Make a custom ribbon tab for Word, Excel, PowerPoint or Outlook
Here’s how to make a custom ribbon tab in Word, Excel, PowerPoint or Outlook and how Microsoft has left customers shortchanged for the last decade.
We’ve already talked about customizing the Quick Access Toolbar (QAT) for certain documents. You can make the QAT adapt according to the document you’ve opened. Alas, that’s not possible for the ribbon ever since it was introduced in Office 2007.
You own ribbon tab
Here’s an example of what’s possible. It’s a combination of regularly needed tools plus some Word features that are not on any ribbon. We’ve renamed some items and changed some icons.
What’s added and changed?
The buttons we’ve added aren’t anything special. We made this one as an example of what’s possible on the ribbon, not what you might use. Some of the text labels are deliberately strange, just to prove that the Office ribbon doesn’t have to be boring.
KWN – aka ‘Paragraph Keep with Next’. An example of a command not on the ribbon and renaming it. we often use this command to ensure that a text paragraph stays on the same page as the image or chart below it.
Grow / Shrink Font 1pt – another useful feature not on the ribbon. It’s handy for adjusting text to exactly fit a line but no more.
What you see – a ribbon group label. Groups along the ribbon aren’t necessary but can be helpful.
Side Pane – opens the Navigation Pane at left, renamed to shorter text.
See the entire page – is View | One Page renamed
Page Width – the usual view when typing.
Navigation – a group with three commands not on the standard Word ribbon.
Language – this group puts some frequently used Language options in easy reach.
Some of these options are on various tabs of the default ribbon while others aren’t on any ribbon at all. Either way, they’re now on a single tab for fast access or reference.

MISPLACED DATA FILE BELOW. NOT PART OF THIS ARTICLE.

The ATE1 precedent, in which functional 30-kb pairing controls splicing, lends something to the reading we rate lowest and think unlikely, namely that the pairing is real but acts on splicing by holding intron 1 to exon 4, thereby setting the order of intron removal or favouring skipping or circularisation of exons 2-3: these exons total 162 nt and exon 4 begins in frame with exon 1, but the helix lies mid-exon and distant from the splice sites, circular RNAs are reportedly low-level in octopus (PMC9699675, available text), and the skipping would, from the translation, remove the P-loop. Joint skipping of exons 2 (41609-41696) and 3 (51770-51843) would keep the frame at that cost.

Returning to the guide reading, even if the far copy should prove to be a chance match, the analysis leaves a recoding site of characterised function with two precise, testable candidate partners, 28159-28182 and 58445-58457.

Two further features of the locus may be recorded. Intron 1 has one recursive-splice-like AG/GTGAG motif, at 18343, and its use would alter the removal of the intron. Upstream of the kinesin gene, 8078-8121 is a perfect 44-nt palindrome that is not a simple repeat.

How to make a custom ribbon tab
Making a custom ribbon is fairly simple but it’s much the same as changing the Quick Access Toolbar.
Open the ribbon customization box from by right-clicking on the ribbon and choosing ‘Customize the Ribbon…’:
On the left is the list of available commands. The right side are the ribbons in Word, Excel or PowerPoint.
A few features of this page worth highlighting.
Add / Remove – choose an item then click Add or Remove to switch on or off the custom ribbon.
Up / Down – anything on the ribbon can be moved. A tab, section or individual item can move around easily. No need to worry about exact placement of items when you add them to your ribbon because that can be adjusted later.
Finding a command
Finding the command you want isn’t easy but there are some shortcuts to scrolling the long All commands list. Pull-down the ‘Choose commands from:’ list to see some possibilities.
Commands not on the ribbon – possibly the most interesting for Office nerds. All the smaller command options plus some older commands that have been replaced or enhanced.
All Tabs shows the ribbon visible commands grouped according to their type and tab. It includes the default ‘Main’ tabs plus the ribbons that appear as necessary like Picture, Table or Chart.
Make a new tab
Make a new tab by right-clicking on the right-side list and choose Add New Tab
Rename and icon
Custom tabs, groups and items can be renamed. Right-click on any item and choose Rename. We often shorten the long name given by Microsoft or just something different.
For groups and items you can also choose from a relatively limited set of icons. Either to replace the default icon or add one that’s missing.
Export / Import
You can export your ribbon customizations from the Import / Export option at bottom right.
This exports to ‘
‘ file all custom tabs you’ve made.
The file is plain text XML that you can open in any text editor.
Exporting helps you move customizations to another computer but also opens up more geeky goodness.
Edit out customizations you don’t want moved to another machine. Make sure you don’t break the strict XML tags.
Hide parts of your custom ribbon by changing visible=”true” to visible=”false”
You can edit the XML file to make changes not available from the Office customization interface like including icons from other sources.
Under the hood
Ribbon changes are NOT saved in the document/template as QAT changes are.
No, we don’t understand it either.
Before Office 2007, toolbar customization could be saved for particular documents. Not only did Microsoft drop that from very useful option, they’ve stubbornly refused to even consider restoring it.
Since 2007 ribbon customization seems to have more to do with alchemy than anything fitting for the 21st Century. Ribbon customizations are saved separately and loaded with normal.dotm. Otherwise you need VBA code to load a custom ribbon with a specific template or document.
If you want to delve into the details, start with Greg Maxey’s introduction though the Ribbon editor isn’t available now.